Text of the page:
Hip-hop fans in my late 30s/early 40s age cohort are accustomed to lamenting the state of “the game” year after year as the genre supposedly moves farther and farther away lyrically and sonically from the values of its late 80s to early 90s Golden Age.
2012 was the perfect year for this type of fan to start listening to new releases again, because it was a great year for hip-hop, a year when a lot of great work was done both in traditional and non-traditional styles and in both the “underground” and “commercial” hip-hop scenes.
A lot of these great albums, mixtapes, singles etc. have already gotten a lot of press, shown up on a lot of year end lists and so forth but some haven’t. A lot of great work was done by rappers and producers in the younger Generation X age cohort of early to mid 30s, but, most encouragingly, amazing work was also done by millennial-aged rappers and producers who grew up as “Golden Age” hip-hop became the lingua franca of all young people in America, using the 80s and 90s hip-hop of their youth as a constant reference and background presence.
A good example of the latter type of album is Kendrick Lamar’s justly critically acclaimed good kid, m.A.A.d. city, the consensus best hip-hop album of the year and one that showed up at or near the top spot for best album overall of the year on several publications’ and websites’ lists. Lamar subtitled the album “A Short Film by Kendrick Lamar” but that’s underselling it.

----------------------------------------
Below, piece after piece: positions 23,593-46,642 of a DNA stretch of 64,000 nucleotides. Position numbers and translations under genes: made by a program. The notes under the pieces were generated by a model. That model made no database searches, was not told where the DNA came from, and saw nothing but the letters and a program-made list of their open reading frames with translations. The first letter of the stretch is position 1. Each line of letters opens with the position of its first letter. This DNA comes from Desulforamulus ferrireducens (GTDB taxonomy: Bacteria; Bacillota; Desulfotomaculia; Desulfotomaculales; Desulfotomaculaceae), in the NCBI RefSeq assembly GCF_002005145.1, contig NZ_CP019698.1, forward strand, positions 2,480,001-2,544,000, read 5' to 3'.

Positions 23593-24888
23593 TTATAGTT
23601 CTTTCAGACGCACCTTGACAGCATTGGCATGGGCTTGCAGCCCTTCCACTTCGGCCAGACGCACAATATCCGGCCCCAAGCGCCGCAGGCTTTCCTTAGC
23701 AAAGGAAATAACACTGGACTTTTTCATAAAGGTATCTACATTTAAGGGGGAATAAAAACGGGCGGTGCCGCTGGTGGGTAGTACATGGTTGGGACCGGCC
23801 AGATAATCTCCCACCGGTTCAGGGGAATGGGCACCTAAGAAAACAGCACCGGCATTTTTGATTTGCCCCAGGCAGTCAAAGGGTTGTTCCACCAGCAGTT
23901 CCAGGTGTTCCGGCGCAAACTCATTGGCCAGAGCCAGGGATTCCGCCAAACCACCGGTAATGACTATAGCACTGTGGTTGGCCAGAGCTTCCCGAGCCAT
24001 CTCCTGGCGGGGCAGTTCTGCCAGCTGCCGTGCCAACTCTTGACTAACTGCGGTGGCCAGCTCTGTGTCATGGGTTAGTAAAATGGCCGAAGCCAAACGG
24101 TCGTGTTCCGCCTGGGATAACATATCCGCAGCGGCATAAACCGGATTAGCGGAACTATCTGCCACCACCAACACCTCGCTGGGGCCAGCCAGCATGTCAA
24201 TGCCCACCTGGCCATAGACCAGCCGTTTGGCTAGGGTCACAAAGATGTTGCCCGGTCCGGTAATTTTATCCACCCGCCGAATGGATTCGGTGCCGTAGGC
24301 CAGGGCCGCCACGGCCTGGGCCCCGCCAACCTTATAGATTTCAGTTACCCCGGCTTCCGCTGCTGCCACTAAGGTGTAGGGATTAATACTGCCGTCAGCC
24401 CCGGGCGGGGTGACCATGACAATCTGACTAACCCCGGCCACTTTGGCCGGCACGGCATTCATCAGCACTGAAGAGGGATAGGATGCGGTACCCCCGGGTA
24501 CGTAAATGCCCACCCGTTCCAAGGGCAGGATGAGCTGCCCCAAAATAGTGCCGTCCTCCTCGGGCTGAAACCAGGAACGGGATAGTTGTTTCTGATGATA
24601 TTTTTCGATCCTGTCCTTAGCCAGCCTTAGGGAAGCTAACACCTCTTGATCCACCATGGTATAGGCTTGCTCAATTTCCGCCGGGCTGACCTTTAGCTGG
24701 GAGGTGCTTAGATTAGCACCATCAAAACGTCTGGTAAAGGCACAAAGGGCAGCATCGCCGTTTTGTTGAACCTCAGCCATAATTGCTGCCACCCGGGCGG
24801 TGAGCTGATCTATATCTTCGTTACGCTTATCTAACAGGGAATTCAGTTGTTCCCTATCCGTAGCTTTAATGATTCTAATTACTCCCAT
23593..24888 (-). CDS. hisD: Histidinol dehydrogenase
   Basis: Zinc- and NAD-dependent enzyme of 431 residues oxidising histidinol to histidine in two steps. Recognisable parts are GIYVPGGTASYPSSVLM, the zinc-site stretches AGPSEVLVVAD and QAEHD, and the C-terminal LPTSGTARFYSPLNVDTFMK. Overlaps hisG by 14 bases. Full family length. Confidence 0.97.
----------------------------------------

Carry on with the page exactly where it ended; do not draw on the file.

It’s really more like a novel or a play. The songs all fit into a larger narrative but also all work on their own. In some songs Lamar raps from the perspectives of various characters in the story. This might make it sound like the album is overly tasteful or too serious but it’s also just a really fun commercial hip-hop album, with virtuoso rapping from Lamar and great beats from various producers.